Divorce with Kids 18 to 25

Family, Heartbreak

Appropriate Boundaries between Parents and Older Kids


Micki McWade

Every parent going through divorce hopes to avoid damaging his or her children in the process. The children’s well being is the first goal and strong intention every parent articulates when I meet with them as their collaborative divorce coach. I tell parents that research results show that minimizing hurt is possible if parents have the right information and act accordingly.

The impact of divorce on younger children is obvious. They will divide their time between two parents’ homes, cope with two separate family structures and often miss one parent or the other. There are laws in each state that dictate how children under 18 will be provided for.

Guidelines are not as obvious for young adults 18 to 25. These young people are getting ready to leave home or may be in college or in the military, for example. It may seem that their parents’ divorce should affect them less, and it’s true on a practical day-to-day basis, but the emotional and psychological impact will surely disrupt their lives.

No one is perfect, particularly when under stress, and parents may make some typical, but fortunately avoidable or correctable mistakes. Here’s how to avoid some of the more common problems for older children:
Be discriminating. Parents may have the mistaken notion that since their young person is not a child, they can relax the protective parental boundary and tell them everything they are thinking and feeling. This is not appropriate and here’s why:
The young adult should be working on becoming independent and has a normal developmental drive to gradually reduce dependency on parents. This is a healthy step towards establishing his or her own life. A parental divorce may thwart this process if the young person believes he or she is responsible for a parent’s emotional well being. Confiding in them about worries will make them feel responsible, anxious or inadequate, since they aren’t able to change much themselves.

Parents are still parents. In other words, young adult children are not to be treated as friends. Parents must stay in the role of parent, offering support and reassurance. This is actually true for offspring of any age. It’s destabilizing for them to be exposed to what has been private information between their parents in the past and therefore changes the nature of the relationship.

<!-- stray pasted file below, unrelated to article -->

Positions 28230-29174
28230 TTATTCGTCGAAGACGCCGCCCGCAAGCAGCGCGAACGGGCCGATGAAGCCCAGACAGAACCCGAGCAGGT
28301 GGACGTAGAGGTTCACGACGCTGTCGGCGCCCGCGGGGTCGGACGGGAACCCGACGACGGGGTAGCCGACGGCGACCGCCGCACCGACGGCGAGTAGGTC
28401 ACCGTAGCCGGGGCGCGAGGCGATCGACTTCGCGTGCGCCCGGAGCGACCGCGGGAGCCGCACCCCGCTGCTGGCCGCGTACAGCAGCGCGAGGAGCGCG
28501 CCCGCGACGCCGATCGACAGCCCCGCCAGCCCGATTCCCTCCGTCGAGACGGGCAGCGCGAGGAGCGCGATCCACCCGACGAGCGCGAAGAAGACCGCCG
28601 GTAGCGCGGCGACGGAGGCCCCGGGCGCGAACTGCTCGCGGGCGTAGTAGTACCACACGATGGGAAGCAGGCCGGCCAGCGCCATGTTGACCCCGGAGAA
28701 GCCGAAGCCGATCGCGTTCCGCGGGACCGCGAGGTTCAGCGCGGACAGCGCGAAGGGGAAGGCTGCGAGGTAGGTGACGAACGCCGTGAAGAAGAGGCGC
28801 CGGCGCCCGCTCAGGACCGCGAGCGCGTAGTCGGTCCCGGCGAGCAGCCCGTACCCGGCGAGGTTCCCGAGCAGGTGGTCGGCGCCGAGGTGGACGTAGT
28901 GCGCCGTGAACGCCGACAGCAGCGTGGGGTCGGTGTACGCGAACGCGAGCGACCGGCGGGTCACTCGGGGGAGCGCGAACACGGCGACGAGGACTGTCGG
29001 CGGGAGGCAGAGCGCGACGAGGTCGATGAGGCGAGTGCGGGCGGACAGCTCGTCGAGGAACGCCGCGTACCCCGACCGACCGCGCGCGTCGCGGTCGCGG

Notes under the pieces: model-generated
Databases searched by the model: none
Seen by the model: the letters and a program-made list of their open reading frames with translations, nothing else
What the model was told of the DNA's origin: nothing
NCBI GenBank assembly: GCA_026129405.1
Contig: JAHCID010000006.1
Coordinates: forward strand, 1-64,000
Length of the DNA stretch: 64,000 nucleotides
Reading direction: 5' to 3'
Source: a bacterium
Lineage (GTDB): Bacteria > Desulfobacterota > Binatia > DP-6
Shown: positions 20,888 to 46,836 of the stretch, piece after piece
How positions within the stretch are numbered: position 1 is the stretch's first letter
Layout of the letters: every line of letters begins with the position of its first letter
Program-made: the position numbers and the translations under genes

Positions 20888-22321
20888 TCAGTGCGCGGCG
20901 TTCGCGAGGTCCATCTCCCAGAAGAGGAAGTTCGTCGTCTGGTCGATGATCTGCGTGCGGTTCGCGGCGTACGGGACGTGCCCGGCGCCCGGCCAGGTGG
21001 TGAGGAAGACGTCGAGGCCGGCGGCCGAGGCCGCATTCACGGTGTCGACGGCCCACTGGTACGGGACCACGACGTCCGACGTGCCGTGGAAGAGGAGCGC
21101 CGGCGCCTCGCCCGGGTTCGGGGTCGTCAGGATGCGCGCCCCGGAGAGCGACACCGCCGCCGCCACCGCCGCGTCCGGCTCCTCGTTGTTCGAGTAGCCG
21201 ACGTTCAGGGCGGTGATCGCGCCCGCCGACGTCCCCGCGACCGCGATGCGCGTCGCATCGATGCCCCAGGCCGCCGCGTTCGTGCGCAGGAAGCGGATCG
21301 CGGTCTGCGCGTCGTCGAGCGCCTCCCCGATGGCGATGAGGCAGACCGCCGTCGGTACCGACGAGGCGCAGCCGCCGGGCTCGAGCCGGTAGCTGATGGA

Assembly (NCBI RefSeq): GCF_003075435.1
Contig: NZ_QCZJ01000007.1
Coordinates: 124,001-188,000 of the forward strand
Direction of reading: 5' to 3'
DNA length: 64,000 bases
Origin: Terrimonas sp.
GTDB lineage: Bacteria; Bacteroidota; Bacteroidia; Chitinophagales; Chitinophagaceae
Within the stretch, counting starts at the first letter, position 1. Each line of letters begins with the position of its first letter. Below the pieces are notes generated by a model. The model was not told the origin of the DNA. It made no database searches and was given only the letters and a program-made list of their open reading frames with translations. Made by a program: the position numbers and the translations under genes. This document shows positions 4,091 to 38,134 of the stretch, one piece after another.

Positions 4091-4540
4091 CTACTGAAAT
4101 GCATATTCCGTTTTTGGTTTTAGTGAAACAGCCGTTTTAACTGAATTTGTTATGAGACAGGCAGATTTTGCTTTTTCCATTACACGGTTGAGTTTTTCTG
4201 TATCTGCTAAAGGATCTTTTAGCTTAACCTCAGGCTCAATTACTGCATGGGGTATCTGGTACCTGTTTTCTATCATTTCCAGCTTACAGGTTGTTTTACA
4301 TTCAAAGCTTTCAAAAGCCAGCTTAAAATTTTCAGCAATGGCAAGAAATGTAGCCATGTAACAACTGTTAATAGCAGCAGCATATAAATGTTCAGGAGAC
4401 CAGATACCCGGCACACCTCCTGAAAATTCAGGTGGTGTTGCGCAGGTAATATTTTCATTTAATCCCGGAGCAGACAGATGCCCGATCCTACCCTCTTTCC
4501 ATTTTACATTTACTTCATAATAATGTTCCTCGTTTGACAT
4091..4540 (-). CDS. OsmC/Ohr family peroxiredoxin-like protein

For divorcing adults, talking and processing thoughts and feelings are important, but not with your kids. Do this with a therapist, in a support group or with friends. They will hear it differently than your children will, because they are not directly impacted by what you say. Children and parents are intimately connected in a very different way than either are with their friends. It’s important to keep that parent-child boundary in place and not slip into confiding in a young adult inappropriately.

Young adults should not be exposed to the misdeeds of their parents by the other parent, if possible. A son or daughter will make assessments on his or her own. Those assessments will vary from child to child and change over time, based on their own observations and experience. Actions speak louder than words.
Be cool. Remember that you are setting an example of how an adult should act under stress. Maintaining dignity and self-control is appreciated by the young adult. They will be disturbed and worried if a parent “loses it.” Get support, aside from your child. If depression sets in, see your family doctor and a therapist. Depression and anxiety are conditions that can definitely be improved. Taking care of yourself is an adult responsibility.
Be nice. Remember that having had children together, you will be in relationship with the other parent forever, to one degree or another. Don’t make things worse. Children rely on their parents to do the right thing. There are major occasions to come--graduations, weddings, births, grandchildren’s events, and if there’s a problem. You will both want to be there..
Be careful. While it may be surprising to hear an announcement of divorce, the young adult has observed the marital dynamic throughout their lives and may intuitively know why this decision has been made. He or she may ask for information, but use judgment in terms of content. Again, don’t over-confide. They may think they want to know, but they will wish they didn’t after the boundary has been crossed.
Be prepared. People of this age still need a safe place to land. Becoming independent is a gradual process. When an 18 year old leaves for college or the military, they still need the notion of “home” particularly because they are usually home a lot in the first few years. A secure place to come and go from will help them gain confidence as they push themselves out of the nest. They are likely to ask “Where’s home going to be? What will happen to my stuff?” Be prepared to answer those questions.

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Divorce isn’t easy and requires more maturity than most of us have to do it well. It’s better to avoid mistakes now, than try to repair damage for years to come.

This article was originally published at http://www.mickimcwade.com/mickimcwade/Blog/Entries/2011/12/9_Divorce_with_Kids_18_to_25.html. Reprinted with permission from the author.